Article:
Academic journal article Journal of Health Population and Nutrition

Molecular Epidemiology of Escherichia Coli Isolated from Young South African Children with Diarrhoeal Diseases

Academic journal article Journal of Health Population and Nutrition

Molecular Epidemiology of Escherichia Coli Isolated from Young South African Children with Diarrhoeal Diseases

Article excerpt


Escherichia coil is a normal faecal flora of both humans and animals. However, some strains of E. coli can cause severe and life-threatening diarrhoea (1). The pathogenic strains are important causes of diarrhoeal disease in the world and remain a major public health problem of children and young infants (2). Although the use of oral rehydration therapy has reduced early childhood mortality caused by acute dehydrating diarrhoeas in many developing countries, persistent diarrhoea still remains an important cause of mortality due to diarrhoeal diseases (3).

Some of the E. coli strains have been reported to possess a battery of virulence determinants which enable them to overcome the host's defense mechanisms and produce disease. The well-characterized virulence factors to date are: P-fimbriae, type 1 fimbriae, haemolysin, aerobactin, and serum resistance (4,5). The polysaccharides of O and K antigens protect the organism from the bactericidal effects of complement and from phagocytosis in absence of specific antibodies (6).

Adhesion has also been shown to be an important virulence factor of E. coli (7). This has led to tissue culture adherence assays to identify pathogenic strains of E. coli. Three patterns of adherence have been described (8): localized adhesion characterized by the formation of bacterial microcolonies, diffuse adhesion in which bacteria cover the cell surface uniformly, and aggregative adhesion in which clumps of bacteria with a stacked brick appearance are found on the surface of the cells. Other virulence factors that contribute to the pathogenicity of this organism are the production of enterotoxins, cytotoxins, bundle-forming pili, cytotoxic necrotizing factors, enteropathogenic and effacement factors, and Shiga-like toxins.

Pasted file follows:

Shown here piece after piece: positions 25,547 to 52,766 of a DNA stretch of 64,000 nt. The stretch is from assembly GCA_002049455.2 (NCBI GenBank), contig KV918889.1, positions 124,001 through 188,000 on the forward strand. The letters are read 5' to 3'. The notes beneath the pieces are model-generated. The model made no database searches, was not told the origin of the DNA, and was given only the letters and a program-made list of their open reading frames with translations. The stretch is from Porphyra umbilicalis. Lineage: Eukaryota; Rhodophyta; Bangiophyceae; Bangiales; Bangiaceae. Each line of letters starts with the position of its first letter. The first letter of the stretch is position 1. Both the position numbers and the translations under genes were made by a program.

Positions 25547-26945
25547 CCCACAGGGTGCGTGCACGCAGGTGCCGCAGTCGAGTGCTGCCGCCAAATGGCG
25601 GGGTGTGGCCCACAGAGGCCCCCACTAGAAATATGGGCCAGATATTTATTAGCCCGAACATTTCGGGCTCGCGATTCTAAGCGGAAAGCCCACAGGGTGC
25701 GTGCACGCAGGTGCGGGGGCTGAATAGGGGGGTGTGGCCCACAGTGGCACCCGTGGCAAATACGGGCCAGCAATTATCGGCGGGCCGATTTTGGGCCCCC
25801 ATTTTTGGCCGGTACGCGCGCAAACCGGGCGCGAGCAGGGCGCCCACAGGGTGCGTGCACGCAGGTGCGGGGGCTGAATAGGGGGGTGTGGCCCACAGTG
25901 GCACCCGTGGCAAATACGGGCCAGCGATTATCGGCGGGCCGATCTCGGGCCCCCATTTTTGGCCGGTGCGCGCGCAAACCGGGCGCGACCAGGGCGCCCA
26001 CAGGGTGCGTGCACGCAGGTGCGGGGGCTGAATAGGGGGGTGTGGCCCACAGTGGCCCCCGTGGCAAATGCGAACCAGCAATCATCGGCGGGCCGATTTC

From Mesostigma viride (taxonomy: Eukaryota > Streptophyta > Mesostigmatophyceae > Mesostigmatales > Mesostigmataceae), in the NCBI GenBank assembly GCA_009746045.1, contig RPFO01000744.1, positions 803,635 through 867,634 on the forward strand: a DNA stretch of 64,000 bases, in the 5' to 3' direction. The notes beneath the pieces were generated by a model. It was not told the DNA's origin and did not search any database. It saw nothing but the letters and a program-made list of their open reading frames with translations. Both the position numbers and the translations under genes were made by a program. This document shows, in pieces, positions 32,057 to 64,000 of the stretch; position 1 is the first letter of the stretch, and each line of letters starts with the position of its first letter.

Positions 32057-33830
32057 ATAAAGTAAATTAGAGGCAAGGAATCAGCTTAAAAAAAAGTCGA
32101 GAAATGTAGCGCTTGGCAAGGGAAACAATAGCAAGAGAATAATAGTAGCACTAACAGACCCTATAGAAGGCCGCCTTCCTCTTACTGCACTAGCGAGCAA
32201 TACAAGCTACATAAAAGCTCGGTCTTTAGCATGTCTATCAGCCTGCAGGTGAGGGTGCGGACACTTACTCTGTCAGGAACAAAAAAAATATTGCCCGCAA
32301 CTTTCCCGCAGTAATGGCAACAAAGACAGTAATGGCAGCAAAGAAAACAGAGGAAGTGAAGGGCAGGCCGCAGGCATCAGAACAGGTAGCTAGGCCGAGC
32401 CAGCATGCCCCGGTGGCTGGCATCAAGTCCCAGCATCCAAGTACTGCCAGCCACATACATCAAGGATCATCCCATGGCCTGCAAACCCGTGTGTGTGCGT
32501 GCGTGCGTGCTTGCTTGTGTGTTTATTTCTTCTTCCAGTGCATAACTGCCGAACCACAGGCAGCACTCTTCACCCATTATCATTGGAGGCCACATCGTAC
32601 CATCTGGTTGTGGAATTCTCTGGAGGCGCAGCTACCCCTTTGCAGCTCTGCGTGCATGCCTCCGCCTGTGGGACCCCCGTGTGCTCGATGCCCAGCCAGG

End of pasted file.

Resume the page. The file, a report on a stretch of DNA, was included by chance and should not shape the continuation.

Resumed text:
Several distinct groups of E. coli which include the enteropathogenic, enteroinvasive, enteroaggregative, enterotoxigenic, Shiga toxin-producing and necrotizing strains are important causes of diarrhoeal diseases in developing countries (9,10). These strains differ in their serotypes (O:H), pathogenesis, and characteristics of the resulting disease, including clinical presentation and epidemiology (2,11,12). However, the importance of these organisms as diarrhoeal pathogens and their molecular characteristics in South African population are unknown.

This community survey was conducted to define the molecular epidemiology of diarrhoeagenic strains of E. coli in the Gauteng region of South Africa.



In total, 109 faecal samples from patients with diarrhoea presenting at the Ga-Rankuwa Hospital between March 1996 and May 1997 were collected. An additional 36 E. coli strains, isolated from patients with diarrhoea, were obtained from the Helen Joseph Hospital, Pretoria Academic Hospital, Du Buisson, and van Drimmelen private pathology laboratories in Gauteng province.

Thirty fresh faecal specimens were collected from a control group of healthy individuals from the same population in different settings. Patients and controls belonged to different age groups ranging from 3 days to 64 years. All patients had symptoms of diarrhoea. Additional information about these patients is given in Table 1.

Reference strains

Reference strains used in this study included: C600 (933J) for Shiga toxin (Stx1), C600 (933W) for Shiga toxin 2 (Stx2), BM2-1 cytotoxic necrotizing factor (CNF) 1, and B20A for CNF (CNF2). Reference strains were provided by J. de Rycke, Station de Pathologie de la Reproduction, Nouzilly, France (strain BM2-1); J. Blanco, Facultad de Veterinaria, Lugo, Spain (strain B20A), A.D. O'Brien, Department of Microbiology, Uniform Services University of the Health Sciences, Bethesda, MD, USA [strains C600 (933J) and (933W)].

Identification of E. coli

Bacterial cultures of stool specimens from the patients and from the control group were performed by inoculating stools on standard MacConkey plates containing lactose and sorbitol separately. …

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